Dad 'ripped up walls' before sending 'asbestos parcels' to consulates

Dad 'ripped up walls' before sending 'asbestos parcels' to consulates

Officials from the Pakistani and New Zealand consulates said the packages had the word "asbestos" written on the side, the ABC reports.

The man, named as Savas Avan, was charged with sending risky articles through a postal service, an offence that carries a maximum penalty of 10 years in jail, the Australian Federal Police (AFP) said in a statement.

The AFP said assistance from Australia Post had been "crucial to the outcome of the investigation".

While forensics police searched his Shepparton home, Mr Avan faced Melbourne Magistrates Court on Thursday morning wearing red shorts and a blue Minions T-shirt from the Despicable Me movie series with the slogan "more than meets the eye".

"He has since been charged with posting 38 packages of what is believed to have been asbestos to consulates across Melbourne, Sydney and Canberra", Cassie said.

Avan was ordered held without bail and is due to appear in court again in early March.

DFAT said in a statement it had warned all diplomatic missions in Australia to be tired of opening mail on January 8, after learning that suspicious packages were sent to three embassies and consulates in Canberra and Sydney on January 7. Police suspect the substance in the packages was sourced from the man's home.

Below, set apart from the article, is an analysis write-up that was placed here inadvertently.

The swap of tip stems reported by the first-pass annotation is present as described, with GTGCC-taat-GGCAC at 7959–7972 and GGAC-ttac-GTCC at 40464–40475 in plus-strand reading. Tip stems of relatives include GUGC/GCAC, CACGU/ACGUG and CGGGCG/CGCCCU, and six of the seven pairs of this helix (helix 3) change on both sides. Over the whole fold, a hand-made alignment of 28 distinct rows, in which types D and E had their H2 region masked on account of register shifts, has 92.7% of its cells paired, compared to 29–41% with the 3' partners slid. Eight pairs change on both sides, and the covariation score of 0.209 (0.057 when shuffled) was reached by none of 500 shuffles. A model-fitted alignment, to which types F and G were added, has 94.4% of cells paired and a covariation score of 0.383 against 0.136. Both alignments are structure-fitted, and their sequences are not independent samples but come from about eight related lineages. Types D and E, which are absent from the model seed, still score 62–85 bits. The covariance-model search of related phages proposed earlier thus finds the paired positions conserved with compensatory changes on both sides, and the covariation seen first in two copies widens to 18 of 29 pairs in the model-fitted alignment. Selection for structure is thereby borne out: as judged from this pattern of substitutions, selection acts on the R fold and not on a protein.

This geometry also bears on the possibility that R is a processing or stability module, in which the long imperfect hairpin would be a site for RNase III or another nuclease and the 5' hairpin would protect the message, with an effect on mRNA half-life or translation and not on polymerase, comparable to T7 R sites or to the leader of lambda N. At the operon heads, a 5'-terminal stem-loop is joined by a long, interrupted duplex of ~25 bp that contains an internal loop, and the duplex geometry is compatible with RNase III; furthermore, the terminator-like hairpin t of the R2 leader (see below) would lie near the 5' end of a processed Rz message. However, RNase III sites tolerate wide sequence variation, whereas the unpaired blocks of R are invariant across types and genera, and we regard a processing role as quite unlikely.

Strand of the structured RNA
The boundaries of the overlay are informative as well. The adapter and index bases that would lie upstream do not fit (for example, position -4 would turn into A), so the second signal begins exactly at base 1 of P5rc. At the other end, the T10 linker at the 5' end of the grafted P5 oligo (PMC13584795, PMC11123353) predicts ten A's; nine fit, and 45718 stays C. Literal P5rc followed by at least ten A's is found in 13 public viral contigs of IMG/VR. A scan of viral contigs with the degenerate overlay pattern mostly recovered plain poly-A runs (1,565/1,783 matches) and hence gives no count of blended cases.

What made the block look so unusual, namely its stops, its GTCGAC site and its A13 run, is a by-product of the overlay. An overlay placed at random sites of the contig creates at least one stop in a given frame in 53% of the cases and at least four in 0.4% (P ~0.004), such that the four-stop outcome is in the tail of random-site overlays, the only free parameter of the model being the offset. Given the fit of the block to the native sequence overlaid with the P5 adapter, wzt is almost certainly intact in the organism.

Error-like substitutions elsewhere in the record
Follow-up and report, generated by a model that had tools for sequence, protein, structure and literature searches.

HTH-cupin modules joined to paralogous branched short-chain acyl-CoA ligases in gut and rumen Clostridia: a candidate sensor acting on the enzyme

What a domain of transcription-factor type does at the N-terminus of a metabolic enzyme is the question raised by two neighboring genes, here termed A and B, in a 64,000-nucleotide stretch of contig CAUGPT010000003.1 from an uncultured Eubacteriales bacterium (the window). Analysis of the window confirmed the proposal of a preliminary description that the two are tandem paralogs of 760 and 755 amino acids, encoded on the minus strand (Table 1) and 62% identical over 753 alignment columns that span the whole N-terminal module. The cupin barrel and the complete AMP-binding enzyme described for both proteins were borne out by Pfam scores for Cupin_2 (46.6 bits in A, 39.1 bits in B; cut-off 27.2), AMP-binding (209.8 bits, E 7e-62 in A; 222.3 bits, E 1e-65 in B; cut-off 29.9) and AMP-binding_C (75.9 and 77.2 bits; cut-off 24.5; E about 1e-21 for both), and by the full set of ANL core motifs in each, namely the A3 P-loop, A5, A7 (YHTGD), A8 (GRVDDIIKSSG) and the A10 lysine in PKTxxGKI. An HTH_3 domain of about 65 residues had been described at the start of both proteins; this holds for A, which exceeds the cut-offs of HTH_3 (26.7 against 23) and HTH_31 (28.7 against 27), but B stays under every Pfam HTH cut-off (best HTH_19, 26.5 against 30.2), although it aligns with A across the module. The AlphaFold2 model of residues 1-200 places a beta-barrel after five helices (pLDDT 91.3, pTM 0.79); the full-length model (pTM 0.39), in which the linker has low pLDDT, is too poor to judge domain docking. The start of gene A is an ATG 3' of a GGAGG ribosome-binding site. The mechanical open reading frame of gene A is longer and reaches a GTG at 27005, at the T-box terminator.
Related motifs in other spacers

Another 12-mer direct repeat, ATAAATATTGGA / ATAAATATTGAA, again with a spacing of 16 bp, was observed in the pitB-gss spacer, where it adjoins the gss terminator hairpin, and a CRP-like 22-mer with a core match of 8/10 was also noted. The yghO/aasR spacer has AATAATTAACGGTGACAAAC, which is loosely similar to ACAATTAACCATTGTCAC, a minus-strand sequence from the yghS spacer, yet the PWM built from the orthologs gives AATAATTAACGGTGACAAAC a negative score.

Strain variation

Police have recovered 29 of the packages and have said there is no ongoing threat to the public.

"Police have identified all intended recipients and have put processes in place to recover the outstanding packages".

The Indian and U.S. consulates on St Kilda Road, along with the British, Swiss, German Korean, Greek, Italian, Pakistani and Egyptian missions were targeted.

More than a dozen foreign missions received suspicious packages on Wednesday, including the consulates of the United States and the United Kingdom in Melbourne, Australia's second-biggest city.

Australia's Department of Foreign Affairs had raised the alarm with all diplomatic missions in Canberra on Tuesday after similar incidents were reported at offices in Sydney and the Australian Capital Territory.

"The note advised missions to handle mail in accordance with their own government's protocols and instructions", a DFAT spokesperson said.